Saturday, March 23, 2019

Answer to Case 537

Answer to Case of the Week 537: Echinococcus species

Shown here are the classic protoscoleces of Echinococcus, each with a rostellum containing a row of hooklets (i.e. an 'armed' rostellum). The rostellum is the anterior protrusion found on some tapeworms.
As Old One mentioned, "There are 4 species of Echinococcus that infect humans: E. granulosus, E. multilocularis, E. vogeli, and E. oligarthus. Without more information such as host location, medical imaging, measurement of rostellar hooklets, one cannot be certain of the species. However one can make an educated guess.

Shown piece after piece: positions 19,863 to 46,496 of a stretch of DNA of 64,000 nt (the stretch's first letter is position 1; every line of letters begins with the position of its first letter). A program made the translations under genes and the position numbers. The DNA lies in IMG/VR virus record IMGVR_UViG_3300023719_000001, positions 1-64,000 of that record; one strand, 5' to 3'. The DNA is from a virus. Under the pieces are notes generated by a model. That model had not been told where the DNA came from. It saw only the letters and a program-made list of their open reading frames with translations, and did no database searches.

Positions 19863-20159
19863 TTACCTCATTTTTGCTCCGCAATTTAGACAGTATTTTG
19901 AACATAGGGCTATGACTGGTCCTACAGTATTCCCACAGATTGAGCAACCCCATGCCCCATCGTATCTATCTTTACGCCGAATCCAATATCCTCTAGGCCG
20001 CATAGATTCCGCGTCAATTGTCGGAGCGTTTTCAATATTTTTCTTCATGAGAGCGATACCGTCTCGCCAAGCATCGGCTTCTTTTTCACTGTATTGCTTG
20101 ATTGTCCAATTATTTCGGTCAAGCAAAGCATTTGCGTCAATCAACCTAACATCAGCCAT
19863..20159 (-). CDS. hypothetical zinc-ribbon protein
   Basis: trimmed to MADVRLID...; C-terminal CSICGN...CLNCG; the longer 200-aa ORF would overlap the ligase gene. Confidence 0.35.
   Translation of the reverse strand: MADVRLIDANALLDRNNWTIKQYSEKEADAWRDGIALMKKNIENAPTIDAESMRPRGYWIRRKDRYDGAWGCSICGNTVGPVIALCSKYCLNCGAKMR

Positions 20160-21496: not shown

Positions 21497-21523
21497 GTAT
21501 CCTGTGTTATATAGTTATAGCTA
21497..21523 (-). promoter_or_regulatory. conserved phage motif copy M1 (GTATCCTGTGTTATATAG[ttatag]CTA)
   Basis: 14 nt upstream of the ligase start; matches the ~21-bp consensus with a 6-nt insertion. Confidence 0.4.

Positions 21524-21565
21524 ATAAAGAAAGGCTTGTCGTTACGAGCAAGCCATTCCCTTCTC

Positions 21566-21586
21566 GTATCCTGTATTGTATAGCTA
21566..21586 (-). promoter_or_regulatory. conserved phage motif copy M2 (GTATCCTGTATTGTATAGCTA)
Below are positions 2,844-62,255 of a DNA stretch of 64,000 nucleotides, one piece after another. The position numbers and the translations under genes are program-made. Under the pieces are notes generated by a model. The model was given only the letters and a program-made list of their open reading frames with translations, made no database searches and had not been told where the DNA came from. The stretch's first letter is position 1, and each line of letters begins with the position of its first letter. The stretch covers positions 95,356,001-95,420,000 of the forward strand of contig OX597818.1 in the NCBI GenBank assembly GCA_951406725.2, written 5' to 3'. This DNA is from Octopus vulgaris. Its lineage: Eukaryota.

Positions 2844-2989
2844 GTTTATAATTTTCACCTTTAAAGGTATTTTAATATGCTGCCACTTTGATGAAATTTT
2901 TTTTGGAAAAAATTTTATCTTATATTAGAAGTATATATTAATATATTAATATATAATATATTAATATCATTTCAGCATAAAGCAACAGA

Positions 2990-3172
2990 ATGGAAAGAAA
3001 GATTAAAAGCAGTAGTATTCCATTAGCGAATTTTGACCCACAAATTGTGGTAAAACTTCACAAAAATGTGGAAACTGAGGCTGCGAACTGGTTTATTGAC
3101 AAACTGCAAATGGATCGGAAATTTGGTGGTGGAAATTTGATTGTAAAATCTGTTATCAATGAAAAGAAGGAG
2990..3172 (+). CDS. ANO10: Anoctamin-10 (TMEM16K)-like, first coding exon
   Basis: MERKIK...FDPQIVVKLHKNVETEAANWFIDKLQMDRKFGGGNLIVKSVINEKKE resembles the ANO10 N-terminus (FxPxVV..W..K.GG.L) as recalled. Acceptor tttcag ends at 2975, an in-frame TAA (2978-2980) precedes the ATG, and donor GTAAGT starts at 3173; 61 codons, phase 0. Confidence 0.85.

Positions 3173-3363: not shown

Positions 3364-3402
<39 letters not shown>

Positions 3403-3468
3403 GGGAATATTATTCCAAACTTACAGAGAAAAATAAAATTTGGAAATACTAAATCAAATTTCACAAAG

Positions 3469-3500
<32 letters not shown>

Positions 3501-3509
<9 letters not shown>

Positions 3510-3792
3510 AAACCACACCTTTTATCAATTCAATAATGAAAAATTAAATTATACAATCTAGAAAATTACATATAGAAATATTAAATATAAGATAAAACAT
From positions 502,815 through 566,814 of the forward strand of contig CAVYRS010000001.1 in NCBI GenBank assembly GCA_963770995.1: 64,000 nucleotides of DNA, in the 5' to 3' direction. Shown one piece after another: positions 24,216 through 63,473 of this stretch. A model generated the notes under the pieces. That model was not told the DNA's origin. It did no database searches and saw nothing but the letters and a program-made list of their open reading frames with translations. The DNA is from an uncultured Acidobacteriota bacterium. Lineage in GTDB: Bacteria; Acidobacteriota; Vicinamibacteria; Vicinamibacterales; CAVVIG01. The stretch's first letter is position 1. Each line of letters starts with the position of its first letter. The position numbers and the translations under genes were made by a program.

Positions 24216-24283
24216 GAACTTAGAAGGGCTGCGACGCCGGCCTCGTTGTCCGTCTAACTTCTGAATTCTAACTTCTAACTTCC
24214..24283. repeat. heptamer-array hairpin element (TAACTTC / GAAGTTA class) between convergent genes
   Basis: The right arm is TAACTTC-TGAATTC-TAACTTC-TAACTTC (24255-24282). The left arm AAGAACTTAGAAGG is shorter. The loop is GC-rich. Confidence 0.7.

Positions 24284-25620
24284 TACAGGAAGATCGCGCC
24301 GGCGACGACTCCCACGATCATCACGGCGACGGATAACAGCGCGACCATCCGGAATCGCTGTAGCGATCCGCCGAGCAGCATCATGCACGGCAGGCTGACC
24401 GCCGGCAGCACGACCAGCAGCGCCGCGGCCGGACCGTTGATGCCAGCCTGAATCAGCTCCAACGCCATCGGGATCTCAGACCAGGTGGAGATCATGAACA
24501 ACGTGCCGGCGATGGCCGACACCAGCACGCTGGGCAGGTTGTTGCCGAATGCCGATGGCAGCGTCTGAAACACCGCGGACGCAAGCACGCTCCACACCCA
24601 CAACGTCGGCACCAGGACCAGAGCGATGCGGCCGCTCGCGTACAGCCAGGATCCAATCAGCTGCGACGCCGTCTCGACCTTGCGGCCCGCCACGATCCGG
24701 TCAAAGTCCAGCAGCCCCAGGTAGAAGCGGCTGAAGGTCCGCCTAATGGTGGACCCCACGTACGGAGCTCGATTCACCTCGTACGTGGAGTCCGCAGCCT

E. multilocularis cysts are [usually] sterile (no protoscoleces) [in humans], E. oligarthus is exceedingly rare in humans, E. vogeli photoscoleces contain very few calcareous corpuscles, leaving E. granulosus as the best guess."  I will also add that infections with E. oligarthus or E. vogeli are extremely uncommon in humans and occur in Central and South America. E. granulosus is, by far, the most common species causing human infection in the United States, and causes a form of disease called cystic echinococcus. Usually a single cyst is produced, within which multiple daughter cysts may develop. In comparison, E. multilocularis causes alveolar echinococcus which infiltrates normal host tissue without remaining confined to a single cyst.

I did not provide enough clinical or epidemiologic information to provide a species level ID. However, in this case, we also believe that E. granulosus was the most likely identification.


Sir Galahad said...

Grazie, molto bello

Aimee said...
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